CPT Test code: 82533
|Minimum Volume:||0.3 mL (Note: This volume does not allow for repeat testing.)|
|Container:||Red-top tube or gel-barrier tube|
|Collection:||If a red-top tube is used, transfer separated serum to a plastic transport tube. Blood should be drawn at 8 AM and 4 PM to evaluate baseline diurnal variation (see Cortisol, AM & PM ). Morning specimen is often ordered with ACTH level.|
|Causes for Rejection:||Citrate plasma specimen; improper labeling|
|Reference Interval:||• 2.3-19.4 μg/dL
• AM: 6.2-19.4 μg/dL; PM: 2.3-11.9 μg/dL
|Use:||Establish the diagnosis of adrenocortical insufficiency, Addison’s disease, adrenocortical hypersecretion, Cushing’s syndrome. Malfunction of the organs in the hypothalamic-pituitary-adrenal cortex axis will result in alteration of the cortisol levels.|
|Limitations:||Pregnancy, contraceptives, and estrogen therapy give rise to elevated cortisol concentrations.1 In samples from patients who have been treated with prednisolone, methylprednisolone, or prednisone, falsely elevated concentrations of cortisol may be determined.1 During metyrapone tests, 11-deoxycortisol levels are elevated.1 Falsely-elevated cortisol values may be determined due to cross reactions. Patients suffering from 21-hydroxylase-deficiency exhibit elevated 21-deoxycortisol levels and this can also give rise to elevated cortisol levels.1
The time of sample collection must be taken into account when interpreting results due to the cortisol secretion circadian rhythm. Severe stress can also give rise to elevated cortisol levels.1
In patients receiving therapy with high biotin doses (ie, >5 mg/day), no sample should be taken until at least eight hours after the last biotin administration.1 As with all tests containing monoclonal mouse antibodies, erroneous findings may be obtained from samples taken from patients who have been treated with monoclonal mouse antibodies or who have received them for diagnostic purposes.1 In rare cases, interference due to extremely high titers of antibodies to streptavidin and ruthenium can occur.1 The test contains additives, which minimize these effects.
The determination of cortisol in 24-hour urine is the method of choice for the detection of Cushing syndrome since cortisol excretion in urine is not subject to the diurnal rhythm of cortisol secretion.2
|Additional Information:||Cortisol (hydrocortisone) is the most prominent glucocorticosteroid, and it is essential for the maintenance of several body functions. Like other glucocorticosteroids, cortisol is synthesized from the common precursor cholesterol in the zona fasciculata of the cortex of the adrenal gland. For the transport of cortisol in blood, about 90% of cortisol is bound to corticosteroid-binding globulin (CBG) and to albumin. Only a small amount of cortisol circulates unbound in blood and is free to interact with its receptors.3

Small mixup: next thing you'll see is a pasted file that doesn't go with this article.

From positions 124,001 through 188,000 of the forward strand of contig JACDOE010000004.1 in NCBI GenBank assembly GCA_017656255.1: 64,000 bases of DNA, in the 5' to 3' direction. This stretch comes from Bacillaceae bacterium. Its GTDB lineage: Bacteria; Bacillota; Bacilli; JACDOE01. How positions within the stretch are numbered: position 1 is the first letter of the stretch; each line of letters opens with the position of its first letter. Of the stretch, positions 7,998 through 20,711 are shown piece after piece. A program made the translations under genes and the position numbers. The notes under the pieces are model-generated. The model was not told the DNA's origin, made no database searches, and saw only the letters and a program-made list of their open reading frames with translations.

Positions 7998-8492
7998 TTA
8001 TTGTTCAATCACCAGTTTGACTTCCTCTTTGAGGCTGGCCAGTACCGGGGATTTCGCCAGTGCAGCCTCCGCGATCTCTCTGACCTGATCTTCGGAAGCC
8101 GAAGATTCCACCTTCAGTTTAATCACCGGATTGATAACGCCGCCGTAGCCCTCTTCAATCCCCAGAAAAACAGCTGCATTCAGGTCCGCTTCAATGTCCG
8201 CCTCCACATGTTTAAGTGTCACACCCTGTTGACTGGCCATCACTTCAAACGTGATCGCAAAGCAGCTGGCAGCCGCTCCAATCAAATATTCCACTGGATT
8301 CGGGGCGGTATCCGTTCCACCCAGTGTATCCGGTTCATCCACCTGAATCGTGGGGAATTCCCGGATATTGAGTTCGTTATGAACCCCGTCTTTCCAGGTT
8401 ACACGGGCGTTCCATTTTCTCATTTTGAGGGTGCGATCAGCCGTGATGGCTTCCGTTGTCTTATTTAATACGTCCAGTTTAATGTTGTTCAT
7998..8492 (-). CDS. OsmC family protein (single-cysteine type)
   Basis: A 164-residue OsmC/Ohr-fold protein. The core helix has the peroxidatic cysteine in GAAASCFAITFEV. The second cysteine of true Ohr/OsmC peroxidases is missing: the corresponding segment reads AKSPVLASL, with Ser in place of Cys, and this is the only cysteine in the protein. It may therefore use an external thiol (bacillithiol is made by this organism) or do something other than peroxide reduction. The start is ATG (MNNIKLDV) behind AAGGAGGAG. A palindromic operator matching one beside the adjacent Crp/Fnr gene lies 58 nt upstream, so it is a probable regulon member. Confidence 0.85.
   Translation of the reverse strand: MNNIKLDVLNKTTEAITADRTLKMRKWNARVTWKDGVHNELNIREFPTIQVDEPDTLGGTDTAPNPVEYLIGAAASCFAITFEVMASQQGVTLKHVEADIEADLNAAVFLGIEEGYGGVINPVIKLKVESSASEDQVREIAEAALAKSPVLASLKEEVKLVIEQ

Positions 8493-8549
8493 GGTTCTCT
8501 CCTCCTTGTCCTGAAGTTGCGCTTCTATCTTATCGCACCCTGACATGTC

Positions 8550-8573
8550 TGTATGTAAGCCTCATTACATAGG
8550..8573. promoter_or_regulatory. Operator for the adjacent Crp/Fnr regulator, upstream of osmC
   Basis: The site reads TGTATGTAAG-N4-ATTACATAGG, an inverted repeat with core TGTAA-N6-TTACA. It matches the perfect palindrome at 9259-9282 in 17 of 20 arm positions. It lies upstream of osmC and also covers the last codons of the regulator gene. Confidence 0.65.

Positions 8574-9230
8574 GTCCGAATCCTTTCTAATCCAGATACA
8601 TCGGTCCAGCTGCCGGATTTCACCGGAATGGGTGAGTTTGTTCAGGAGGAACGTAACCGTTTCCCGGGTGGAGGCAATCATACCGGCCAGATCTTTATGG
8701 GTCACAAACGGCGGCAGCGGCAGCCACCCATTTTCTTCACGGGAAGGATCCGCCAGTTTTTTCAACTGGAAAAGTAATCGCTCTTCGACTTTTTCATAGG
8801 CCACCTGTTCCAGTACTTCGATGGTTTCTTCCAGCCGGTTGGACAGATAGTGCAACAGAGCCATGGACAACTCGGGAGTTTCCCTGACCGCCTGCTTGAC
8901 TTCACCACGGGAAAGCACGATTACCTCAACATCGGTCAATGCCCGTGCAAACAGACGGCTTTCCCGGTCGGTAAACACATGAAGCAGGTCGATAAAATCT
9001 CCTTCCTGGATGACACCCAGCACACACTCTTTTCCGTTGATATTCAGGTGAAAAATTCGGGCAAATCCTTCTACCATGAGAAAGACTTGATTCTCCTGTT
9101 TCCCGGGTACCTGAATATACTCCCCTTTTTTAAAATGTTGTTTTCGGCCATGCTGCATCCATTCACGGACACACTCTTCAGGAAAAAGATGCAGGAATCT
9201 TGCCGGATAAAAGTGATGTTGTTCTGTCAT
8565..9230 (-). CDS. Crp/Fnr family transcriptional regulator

The most important physiological effects of cortisol are the increase of blood glucose levels (enhancement of gluconeogenesis, catabolic action) and its anti-inflammatory and immunosuppressive action.3
Synthesis and secretion of cortisol by the adrenal gland are controlled by a negative feedback mechanism within the hypothalamus-pituitary-adrenal cortex-axis. If the cortisol level is low, corticotropin-releasing hormone (CRH) is secreted by the hypothalamus, which causes the pituitary to release adrenocorticotropic hormone (ACTH). This stimulates the synthesis and secretion of cortisol by the adrenal gland. Cortisol itself acts in a negative feedback mechanism on the pituitary gland and the hypothalamus. In addition, stress is followed by increased cortisol secretion.3
Serum cortisol concentrations normally show a diurnal variation.3 Maximum concentrations are usually reached early in the morning and then concentrations decline throughout the day to an evening level that is about half of the morning concentration; therefore, for interpretation of results, it is important to know the collection time of the serum sample.
The cortisol status of a patient is used to diagnose the function or malfunction of the adrenal gland, the pituitary, and the hypothalamus.4,5 Thereby, cortisol serum concentrations are used for monitoring several diseases with an overproduction (eg, Cushing syndrome)6,7 or underproduction (eg, Addison disease) of cortisol and for monitoring several therapeutic approaches (eg, dexamethasone suppression therapy in Cushing syndrome and hormone replacement therapy in Addison disease).
|Footnotes:||1. Cortisol (Serum) on Elecsys 1010/2010 and Modular Analytics E170, package insert 2005-02, V 10, Indianapolis, IN: Roche Diagnostics, 2005.
2. Miyachi Y, “Pathophysiology and Diagnosis of Cushing Syndrome,” Biomed Pharmacother, 2000, 54(Suppl 1):S113-7.PubMed 10915006
3. Aron DC, Tyrell JB, “Glucocorticoids and Adrenal Androgens,” Basic & Clinical Endocrinology, 4th ed, Greenspan FS, Baxter JD, eds, Norwalk, CT: Appleton & Lange, 1994, 307-46.
4. Hasinski S, “Assessment of Adrenal Glucocortoid Function. Which Tests Are Appropriate for Screening?” Postgrad Med , 1998, 104(1):69-72.PubMed 9676562
5. Rosalki SB, “Biochemical Testing of Adrenocortical Function,” Int J Clin Pract, 1998, 52(3):189-91.PubMed 9684436
6. Newell-Price J, Trainer P, Besser M, et al, “The Diagnosis and Differential Diagnosis of Cushing’s Syndrome and Pseudo-Cushing’s States,” Endocr Rev, 1998, 19(5):647-72.PubMed 9793762
7. Ross RJM, Trainer PJ, “Endocrine Investigation: Cushing’s Syndrome,” Clin Endocrol (Oxf), 1998, 49(2):153-5.PubMed 9828897
|References:||Bravo EL, “Physiology of the Adrenal Cortex,” Urol Clin North Am, 1989, 16(3):433-7 (review). PubMed 2665269
Kirkman S, Nelson DH, “Alcohol-Induced Pseudo-Cushing’s Disease: A Study of Prevalence With Review of the Literature,” Metabolism, 1988, 37(4):390-4 (review).PubMed 2833680